Have you ever read Peter Pan? Not the Disney story, but the original novel by J. M. Barrie? While I do consider it a work of literary genius, I would hesitate to hand it to young children. I mean, let’s be honest. Never Never Land is kind of creepy. Indians kidnap children and the pirates try to kill everyone, while the fairies drink and have orgies (yep, you read that right). Tinkerbell calls Wendy a word that starts with a “B” and rhymes with “witch”. Peter Pan himself isn’t much better. He is a fun character, but he isn’t intended to be a hero or a role model. In fact, he can be kind of a jerk in his childish ways. At the end of the book, all the children, including the Lost Boys, realize that they need to leave Never Never Land and grow up. Peter Pan is the only one who remains behind, and the reader is actually left feeling a little bit sorry for him. Neverland is not a place to stay, because people are supposed to grow up. But for some reason, (probably thanks in part to Disney), Neverland and Peter Pan have become idealized symbols of eternal youth in our culture.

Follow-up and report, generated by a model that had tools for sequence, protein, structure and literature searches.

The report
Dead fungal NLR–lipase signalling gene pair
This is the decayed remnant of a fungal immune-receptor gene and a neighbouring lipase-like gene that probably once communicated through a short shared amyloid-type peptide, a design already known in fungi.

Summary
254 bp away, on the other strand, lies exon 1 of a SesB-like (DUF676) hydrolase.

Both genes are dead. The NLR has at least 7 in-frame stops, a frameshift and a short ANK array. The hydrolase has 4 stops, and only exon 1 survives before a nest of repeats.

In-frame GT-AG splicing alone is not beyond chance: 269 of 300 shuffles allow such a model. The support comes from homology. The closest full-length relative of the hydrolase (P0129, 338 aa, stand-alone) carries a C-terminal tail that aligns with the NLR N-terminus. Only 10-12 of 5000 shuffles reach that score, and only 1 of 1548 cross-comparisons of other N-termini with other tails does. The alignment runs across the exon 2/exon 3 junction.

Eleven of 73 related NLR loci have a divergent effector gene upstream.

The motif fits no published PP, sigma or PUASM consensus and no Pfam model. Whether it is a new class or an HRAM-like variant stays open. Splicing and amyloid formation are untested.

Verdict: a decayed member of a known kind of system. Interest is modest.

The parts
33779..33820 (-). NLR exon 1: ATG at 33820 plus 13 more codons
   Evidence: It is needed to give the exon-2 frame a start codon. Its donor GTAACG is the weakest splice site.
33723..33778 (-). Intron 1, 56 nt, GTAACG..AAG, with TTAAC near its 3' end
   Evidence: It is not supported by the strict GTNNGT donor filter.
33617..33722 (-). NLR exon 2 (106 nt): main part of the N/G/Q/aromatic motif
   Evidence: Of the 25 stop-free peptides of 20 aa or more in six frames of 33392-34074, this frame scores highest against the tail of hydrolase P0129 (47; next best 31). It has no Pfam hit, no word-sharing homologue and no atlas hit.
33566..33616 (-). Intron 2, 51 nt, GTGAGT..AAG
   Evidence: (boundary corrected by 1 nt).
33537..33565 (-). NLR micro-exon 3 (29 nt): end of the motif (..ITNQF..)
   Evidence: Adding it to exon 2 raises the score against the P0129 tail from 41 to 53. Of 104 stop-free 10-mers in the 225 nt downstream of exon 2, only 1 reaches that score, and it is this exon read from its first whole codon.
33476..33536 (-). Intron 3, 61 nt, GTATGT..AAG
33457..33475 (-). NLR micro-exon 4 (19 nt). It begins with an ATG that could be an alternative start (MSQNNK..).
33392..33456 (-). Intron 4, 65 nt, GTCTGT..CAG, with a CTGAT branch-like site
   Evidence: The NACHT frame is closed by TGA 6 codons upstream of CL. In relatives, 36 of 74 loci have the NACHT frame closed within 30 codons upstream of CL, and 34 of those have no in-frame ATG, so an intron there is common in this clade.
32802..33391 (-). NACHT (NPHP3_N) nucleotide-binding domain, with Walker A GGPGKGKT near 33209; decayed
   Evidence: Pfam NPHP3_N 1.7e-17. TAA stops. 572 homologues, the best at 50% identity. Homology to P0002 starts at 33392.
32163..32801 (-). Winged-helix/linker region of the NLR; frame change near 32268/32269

I’ve noticed a trend in my reading. People are taking a lot longer to grow up than they used to. Did you know that the concept of being a teenager didn’t exist until the late 1800’s? Before that a person was either a child or an adult, but nothing in between. Brett and Alex Harris have already covered the the rise of the teenager in their writings, so I encourage people to check out their article The Myth of Adolescence on The Rebelution website for more information. Or better yet, read their book! (See Resources page). Seriously though, at least read the article. Teens are a relatively new phenomenon, in the grand scheme of history.